I really like this short, easily readable devotional book from Crossway. Here's a long excerpt from the Introduction that I thought was really good.

"The only way we will learn to trust God is by getting to know God. When our understanding of him is deficient, we are going to view him wrongly. We are going to have a low view of him. If God is low in our estimation, then the things of this world are going to rate too high, which will snow us under. If we believe that somehow it is up to us to take control of our lives and the lives of those we love, fear is inevitable, because we simply aren’t in control of anything. Many of us are quick to dismiss a link between our stress and our view of God. “I don’t hold God in low regard,” we object. “I live a Christian life and attend worship each Sunday, and I spend lots of time with other believers.” But if we suffer from chronic anxiety and fear, we are kidding ourselves. Our view of God isn’t as majestic as we think. A right view of God is the only thing that will dispel our illusion that we have to
control our lives and that everything depends on us.

...Some of us don’t realize that we are trying to pull the wrong yoke. We reach toward dreams and goals designed to further God’s kingdom and to bring blessing, and our prayer requests are for good things. But how do we react when things don’t go according to plan? If, when our plans don’t work out or our prayers aren’t answered in the way or time we think best, we get frustrated and impatient and worried and fearful, that’s a tip-off that something is off-kilter. All wrong views about God result in anxieties and fears about life. The health of our vertical relationship—our relationship with God—will always determine the health of our horizontal relationships—those we have with people, with life, and with ourselves. So the first thing to get straight is our view of God.

Since God overarches everything, we must view our lives and everything that happens to us through that lens. But we often don’t. Instead we allow our circumstances to shape our view of God. We experience something bad, and we allow it to throw our belief about a loving, compassionate Father right out the window. “Where is the God of all comfort in this heartache?” “How could a powerful God let my baby die?” “Why would a good God allow my marriage to fall apart?”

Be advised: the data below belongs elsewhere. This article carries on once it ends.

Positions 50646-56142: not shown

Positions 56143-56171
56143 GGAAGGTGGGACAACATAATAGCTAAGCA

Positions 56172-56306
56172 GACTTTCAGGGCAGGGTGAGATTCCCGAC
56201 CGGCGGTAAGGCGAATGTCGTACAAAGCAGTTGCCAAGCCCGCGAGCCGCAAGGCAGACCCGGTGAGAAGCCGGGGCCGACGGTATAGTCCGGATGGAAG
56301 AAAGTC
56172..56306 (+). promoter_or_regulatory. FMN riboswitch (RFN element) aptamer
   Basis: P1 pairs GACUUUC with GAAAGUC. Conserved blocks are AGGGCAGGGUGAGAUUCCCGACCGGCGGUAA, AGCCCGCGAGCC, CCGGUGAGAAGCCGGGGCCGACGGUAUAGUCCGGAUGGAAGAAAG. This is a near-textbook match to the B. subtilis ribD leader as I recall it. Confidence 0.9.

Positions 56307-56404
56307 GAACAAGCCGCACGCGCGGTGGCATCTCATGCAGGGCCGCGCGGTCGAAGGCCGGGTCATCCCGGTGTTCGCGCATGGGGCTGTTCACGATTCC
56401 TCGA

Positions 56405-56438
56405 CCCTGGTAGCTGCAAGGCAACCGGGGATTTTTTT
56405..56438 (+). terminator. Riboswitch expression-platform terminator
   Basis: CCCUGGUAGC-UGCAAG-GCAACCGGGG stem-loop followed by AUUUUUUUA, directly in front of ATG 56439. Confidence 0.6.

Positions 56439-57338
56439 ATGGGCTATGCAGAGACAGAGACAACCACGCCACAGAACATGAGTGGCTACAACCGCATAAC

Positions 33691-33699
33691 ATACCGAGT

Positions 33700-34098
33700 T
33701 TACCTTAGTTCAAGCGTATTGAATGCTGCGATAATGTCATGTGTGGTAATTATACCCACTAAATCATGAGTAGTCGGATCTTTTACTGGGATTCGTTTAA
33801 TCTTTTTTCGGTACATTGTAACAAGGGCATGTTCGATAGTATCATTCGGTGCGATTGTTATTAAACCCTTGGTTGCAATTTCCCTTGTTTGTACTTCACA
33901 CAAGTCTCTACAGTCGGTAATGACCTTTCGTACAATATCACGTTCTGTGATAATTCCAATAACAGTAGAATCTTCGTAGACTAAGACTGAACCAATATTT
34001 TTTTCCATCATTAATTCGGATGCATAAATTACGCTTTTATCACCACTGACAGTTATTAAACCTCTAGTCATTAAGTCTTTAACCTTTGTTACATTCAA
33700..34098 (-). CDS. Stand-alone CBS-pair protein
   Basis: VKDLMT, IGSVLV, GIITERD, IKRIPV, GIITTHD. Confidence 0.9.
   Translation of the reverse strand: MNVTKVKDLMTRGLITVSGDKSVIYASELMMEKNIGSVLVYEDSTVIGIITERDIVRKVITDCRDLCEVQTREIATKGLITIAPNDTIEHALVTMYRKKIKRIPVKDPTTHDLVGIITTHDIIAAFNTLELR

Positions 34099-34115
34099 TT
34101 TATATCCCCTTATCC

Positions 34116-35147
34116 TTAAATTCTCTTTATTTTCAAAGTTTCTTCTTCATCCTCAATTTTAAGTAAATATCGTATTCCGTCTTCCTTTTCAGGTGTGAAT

... Perhaps the most faith-shaking, fear-generating experiences are those in which God provides a blessing and then seems to pull the rug out from under us by taking away the blessing as soon as we get a taste of it. The single woman who has waited years for a godly husband meets Mr. Right. God has provided at last! She feels God’s smile as she prepares for her wedding and her new life as a married woman. And then two days before the wedding, Mr. Right changes his mind and calls the whole thing off. The grief-stricken bride wonders why God allowed her to get her hopes up, only to see them dashed to pieces. “Why would a loving God do that?” she asks, and her faith crumbles. God is not who she thought he was.

When we go through that sort of experience, our foundations can be shaken to the core. “I obviously cannot depend on God,” we think, “so somehow I have to fix everything. And if God could do this to me, what other painful thing might he do?” What we don’t see at such times and in the swirl of such thoughts is the fact that we were resting on the wrong foundation in the first place. Our view of God has actually been wrong all along. We thought we’d been relying on God, but the truth is, we’d actually been relying on our idea of God and on what we were hoping God would do for us to make our lives happier. What we don’t see is that disappointments and other difficulties that seem to threaten our faith are really blessings in disguise. They are designed by God to draw us closer to him, to enable us to see him as he really is, and to dispel our misconceptions about him and our wrong understanding of what it means to be a Christian.